Write attention-grabbing headlines

1. Ask yourself, What benefits do my product or page offer? And What problems will it solve for users?

Think about what your users might be struggling with. For example, Yotpo, a platform that helps ecommerce store owners integrate reviews into their online marketing and sales, used the headline Rise to the top of search results to both convey a benefit of using their product, improved SEO, and addressing a problem potential users might be facing, low search rankings. “Rise to the top of search results” both conveys a benefit (improved SEO) of using Yotpo and addresses a problem potential users might be struggling with (low search rankings).

2. Write clear, specific headlines of 20 words or less.

Use keywords to grab the attention of readers skimming the page and be clear about the benefits you offer. For example, the 4-word headline Turn trust into sales on Yotpo’s homepage, effectively uses the keywords trust and sales and goes straight to the point, highlighting the main benefit offered by the platform. The headline "Turn trust into sales" on Yotpo's homepage effectively uses the keywords “trust” and “sales” and goes straight to the point with one of the key benefits offered by the platform.

3. Use psychological triggers like surprises and questions to capture attention and spark curiosity, for example:

Surprise: Warning: Unattended items in your shopping cart may be eaten by gnomes. (Modcloth). Why Your Copy Needs to Pick a Fight with the Other Guy (Instead of Smiling and Shrugging). (Copy Hackers). Questions: What Should Your New Password Be? (BuzzFeed). Why Are So Many Blog Post Headlines Framed as Questions? (Kapost). Curiosity: The Countries Where It’s Easiest to Become a Self-Made Billionaire. (Business Insider). They Laughed When I Sat Down at the Piano…But When I Started to Play! (John Capes). Negatives: 10 Ways the Internet Is Destroying You. (ListVerse). Oracle Makes More Moves to Kill Open Source MySQL. (Tech Crunch). How To’s: How to Be Unique (Even If You Don’t Feel Special). (Henneke). How to Use Customer Experience Maps to Develop a Winning Content Marketing Strategy. (Copyblogger). Numbers: Why Content Goes Viral: What Analyzing 100 Million Articles Taught Us. (OkDork). The PPC Food Pyramid: A 211 Point PPC Marketing Strategy. (KlientBoost). Audience Reference: Finally: You Can Open and Process Raw Images in your Browser. (The Next Web). Bloggers! Are You Leaving Traffic on the Table? (SumoMe). Specificity: Uh-oh, Your Prescription is Expiring. (HubSpot). 10 Portland Brews You Should Drink Right Now: Ten Reasons The Beers In Your Fridge Right Now Just Don’t Cut It. (AskMen).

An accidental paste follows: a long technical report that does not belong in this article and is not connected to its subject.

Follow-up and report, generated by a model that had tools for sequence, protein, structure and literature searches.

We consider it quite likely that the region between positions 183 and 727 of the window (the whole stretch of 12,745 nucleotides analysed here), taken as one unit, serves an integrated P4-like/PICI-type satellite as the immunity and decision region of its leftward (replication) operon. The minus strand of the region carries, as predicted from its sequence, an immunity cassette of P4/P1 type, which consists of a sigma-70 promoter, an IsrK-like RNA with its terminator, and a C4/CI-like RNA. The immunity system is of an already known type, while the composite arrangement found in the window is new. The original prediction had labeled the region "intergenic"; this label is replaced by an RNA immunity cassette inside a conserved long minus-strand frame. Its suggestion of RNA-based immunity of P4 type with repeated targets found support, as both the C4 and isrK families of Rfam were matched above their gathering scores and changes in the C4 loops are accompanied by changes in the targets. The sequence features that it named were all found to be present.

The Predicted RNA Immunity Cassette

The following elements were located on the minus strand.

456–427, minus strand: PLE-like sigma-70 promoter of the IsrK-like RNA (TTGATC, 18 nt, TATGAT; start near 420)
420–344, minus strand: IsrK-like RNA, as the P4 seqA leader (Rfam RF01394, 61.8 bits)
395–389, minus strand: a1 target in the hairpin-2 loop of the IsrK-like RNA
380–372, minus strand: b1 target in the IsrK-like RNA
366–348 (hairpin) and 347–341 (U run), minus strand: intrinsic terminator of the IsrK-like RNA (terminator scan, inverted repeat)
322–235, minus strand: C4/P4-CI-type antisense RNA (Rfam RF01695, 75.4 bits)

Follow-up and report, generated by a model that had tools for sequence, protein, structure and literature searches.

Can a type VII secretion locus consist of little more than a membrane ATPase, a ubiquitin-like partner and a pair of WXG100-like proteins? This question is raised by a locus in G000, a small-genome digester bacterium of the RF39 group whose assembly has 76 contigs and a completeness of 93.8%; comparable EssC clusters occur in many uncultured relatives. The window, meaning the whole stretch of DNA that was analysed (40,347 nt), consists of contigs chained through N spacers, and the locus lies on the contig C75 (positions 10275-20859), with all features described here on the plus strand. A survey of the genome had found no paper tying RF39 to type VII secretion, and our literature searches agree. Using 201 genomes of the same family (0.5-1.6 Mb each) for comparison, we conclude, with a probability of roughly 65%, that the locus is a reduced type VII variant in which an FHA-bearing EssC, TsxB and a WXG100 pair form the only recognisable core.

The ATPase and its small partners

4. Write subheadlines that connect, qualify, intensify, or push.

Connect: Does your subheadline retain and support the same thought, concept, or dominant emotion in your headline? Qualify: Does your subheadline narrow your audience by adding qualifications? Intensify: Does your subheadline amplify the one dominant emotion from your headline? Push: Does your subheadline push the reader into the first sentence to find an answer, solution, or explanation?

5. Use the word you, to speak directly to your audience.

Addressing your audience directly compels them to pay attention, listen to what you have to say, and ultimately interact with your conversion goal. For instance, SumoMe’s headline, Bloggers! Are You Leaving Traffic on the Table? Speaks directly to their audience of bloggers and is much more compelling than something like, Are Bloggers Leaving Traffic on the Table?